Catholic dioceses pass check for abuse

Catholic dioceses pass check for abuse
By Cheryl Wetzstein

Washington Times
Feb 18 2005

More than 95 percent of Roman Catholic dioceses in the United States
passed an audit last year on how they are working to protect children
from clergy sexual abuse, about an 8 percent improvement over 2003, a
new report by the U.S. Conference of Catholic Bishops (USCCB) says.
Auditing teams, often comprising former FBI agents, found that
187 of 194 dioceses met the standards established in 2002, including
the Diocese of Arlington, the only local diocese to fail the first
audit conducted in 2003. Eighteen other dioceses failed the first

But, “the crisis is not over,” church officials said yesterday at
a D.C. news conference, as 1,092 new sex-abuse accusations, including
22 from minors, were lodged against 756 Catholic priests and deacons
in 2004.
While more than half of the accused clergy already are dead and
had been named in other complaints, “over 300 of the reports received
in 2004 identified alleged abusers not previously known,” said
Kathleen McChesney, executive director of the Office of Child and
Youth Protection in the U.S. Conference of Catholic Bishops (USCCB).
What is over, said Miss McChesney, “is the denial that this
problem exists” and “the reluctance of the church to deal openly with
the public about the nature and extent of the problem.”
Clergy sex-abuse victims yesterday said they were not relieved by
the report because it doesn’t measure effectiveness in reducing abuse
and it leaves too much power with the bishops.
Before the sex-abuse scandal broke in 2002, “each bishop was in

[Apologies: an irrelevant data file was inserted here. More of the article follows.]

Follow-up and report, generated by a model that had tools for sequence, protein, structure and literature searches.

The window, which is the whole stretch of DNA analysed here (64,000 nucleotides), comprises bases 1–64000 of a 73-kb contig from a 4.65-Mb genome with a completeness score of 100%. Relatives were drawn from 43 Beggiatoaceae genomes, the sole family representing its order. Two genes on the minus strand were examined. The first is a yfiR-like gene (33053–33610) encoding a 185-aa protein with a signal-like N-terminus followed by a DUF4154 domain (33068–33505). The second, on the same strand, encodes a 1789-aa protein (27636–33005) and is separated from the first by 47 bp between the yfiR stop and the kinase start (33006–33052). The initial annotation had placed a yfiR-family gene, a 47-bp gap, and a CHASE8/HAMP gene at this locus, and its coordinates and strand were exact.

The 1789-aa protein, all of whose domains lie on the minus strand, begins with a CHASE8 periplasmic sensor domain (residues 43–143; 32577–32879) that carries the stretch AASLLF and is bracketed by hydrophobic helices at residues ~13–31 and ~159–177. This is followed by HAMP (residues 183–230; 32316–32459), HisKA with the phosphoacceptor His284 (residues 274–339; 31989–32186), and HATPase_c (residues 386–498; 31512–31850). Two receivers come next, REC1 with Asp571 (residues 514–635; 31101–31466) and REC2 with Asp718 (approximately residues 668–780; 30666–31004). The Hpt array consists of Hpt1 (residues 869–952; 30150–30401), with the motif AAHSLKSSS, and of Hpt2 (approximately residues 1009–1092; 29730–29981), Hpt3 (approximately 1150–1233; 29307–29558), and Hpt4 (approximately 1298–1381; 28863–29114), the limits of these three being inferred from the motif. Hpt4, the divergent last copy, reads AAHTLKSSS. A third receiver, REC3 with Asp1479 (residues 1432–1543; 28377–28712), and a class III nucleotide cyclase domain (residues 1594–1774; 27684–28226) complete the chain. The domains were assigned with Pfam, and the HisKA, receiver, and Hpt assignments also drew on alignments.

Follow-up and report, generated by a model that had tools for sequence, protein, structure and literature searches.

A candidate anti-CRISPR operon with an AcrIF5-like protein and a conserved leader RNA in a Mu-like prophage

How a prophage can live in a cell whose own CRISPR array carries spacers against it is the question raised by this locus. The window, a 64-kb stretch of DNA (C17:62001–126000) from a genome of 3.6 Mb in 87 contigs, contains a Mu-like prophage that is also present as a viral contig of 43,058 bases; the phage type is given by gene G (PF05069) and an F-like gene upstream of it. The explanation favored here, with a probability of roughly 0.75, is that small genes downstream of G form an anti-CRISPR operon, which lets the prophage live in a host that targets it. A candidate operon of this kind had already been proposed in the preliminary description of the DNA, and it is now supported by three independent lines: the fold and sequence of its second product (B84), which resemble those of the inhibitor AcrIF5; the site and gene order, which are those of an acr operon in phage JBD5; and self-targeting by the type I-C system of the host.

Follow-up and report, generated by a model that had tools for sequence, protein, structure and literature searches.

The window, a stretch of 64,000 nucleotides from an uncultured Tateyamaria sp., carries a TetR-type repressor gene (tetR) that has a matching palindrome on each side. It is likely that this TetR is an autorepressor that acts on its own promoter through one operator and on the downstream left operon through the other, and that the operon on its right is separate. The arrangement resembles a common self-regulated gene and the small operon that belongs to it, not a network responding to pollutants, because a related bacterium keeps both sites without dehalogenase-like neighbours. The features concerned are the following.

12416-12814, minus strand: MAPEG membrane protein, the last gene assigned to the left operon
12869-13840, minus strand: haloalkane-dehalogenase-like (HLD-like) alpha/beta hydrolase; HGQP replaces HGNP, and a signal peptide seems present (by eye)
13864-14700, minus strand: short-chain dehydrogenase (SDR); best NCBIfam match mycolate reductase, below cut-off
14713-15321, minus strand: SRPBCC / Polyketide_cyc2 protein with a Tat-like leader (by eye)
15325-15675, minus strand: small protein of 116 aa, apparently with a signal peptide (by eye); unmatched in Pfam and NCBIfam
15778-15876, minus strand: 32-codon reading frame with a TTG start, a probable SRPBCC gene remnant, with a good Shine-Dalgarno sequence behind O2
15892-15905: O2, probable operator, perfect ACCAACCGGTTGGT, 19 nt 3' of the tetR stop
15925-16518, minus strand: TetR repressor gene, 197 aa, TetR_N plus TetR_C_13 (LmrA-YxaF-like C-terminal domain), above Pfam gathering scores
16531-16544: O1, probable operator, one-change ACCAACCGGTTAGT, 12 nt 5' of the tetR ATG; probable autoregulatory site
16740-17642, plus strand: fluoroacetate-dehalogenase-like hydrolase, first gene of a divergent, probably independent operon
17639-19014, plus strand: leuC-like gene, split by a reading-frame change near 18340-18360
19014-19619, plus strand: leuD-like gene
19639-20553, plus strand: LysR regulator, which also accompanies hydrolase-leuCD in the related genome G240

charge of handling sex abuse in his diocese. Today, each bishop
essentially still is,” said David Clohessy, Barbara Blaine and other
leaders of the Survivors Network of those Abused by Priests (SNAP).
“How can anyone really believe things have changed much” when the
upper ranks of the church remain essentially intact, they said.
USCCB President Bishop William Skylstad thanked “those who have
come forward after suffering such abuse.”
“We will never fully understand your suffering, but you have
helped us to confront this most serious problem and take the
necessary steps to rid the church of it,” he said.
The 2004 audit, conducted by the Gavin Group of Boston, reviewed
194 Catholic dioceses to assess their compliance with a “charter for
the protection of children and young people.” The charter was created
nearly three years ago by church leaders in the wake of
clergy-sex-abuse cases in Boston.
Some 4,392 priests have been accused of molesting minors in
10,667 cases between 1950 and 2002. Earlier this month, defrocked
priest Paul Shanley was sentenced to 12 to 15 years in prison for
raping a boy in the 1980s.
The bishops have already authorized a third national audit.
The Catholic Church last year paid $157.8 million in settlements,
legal fees and victim and offender therapy, and another $20.2 million
for child protection efforts, Miss McChesney said.
Highlights of the report are:
•The bulk of the new 1,092 abuseaccusations began or occurred in
the 1960s and 1970s; fewer than 20 occurred since 2000.
•Seventy-eight percent of the victims were male. Most were
between the age of 10 and 14 when the abuse began.
•Of the offenders, 550, or 72 percent, were either dead,
defrocked or removed from public ministry before the newest
accusations were received.
The seven dioceses that failed to pass all the standards in 2004
were those in Burlington, Vt.; Fresno, Calif.; Wheeling-Charleston,
W.Va.; and Youngstown, Ohio; as well as the Apostolic Exarchate for
Armenian Catholics in New York, Eparchy of St. Thomas the Apostle in
El Cajon, Calif.; and Eparchy of Newton, Mass., Melkite-Greek
The Diocese of Lincoln, Neb., was not included in the list
because the bishop did not participate in the process.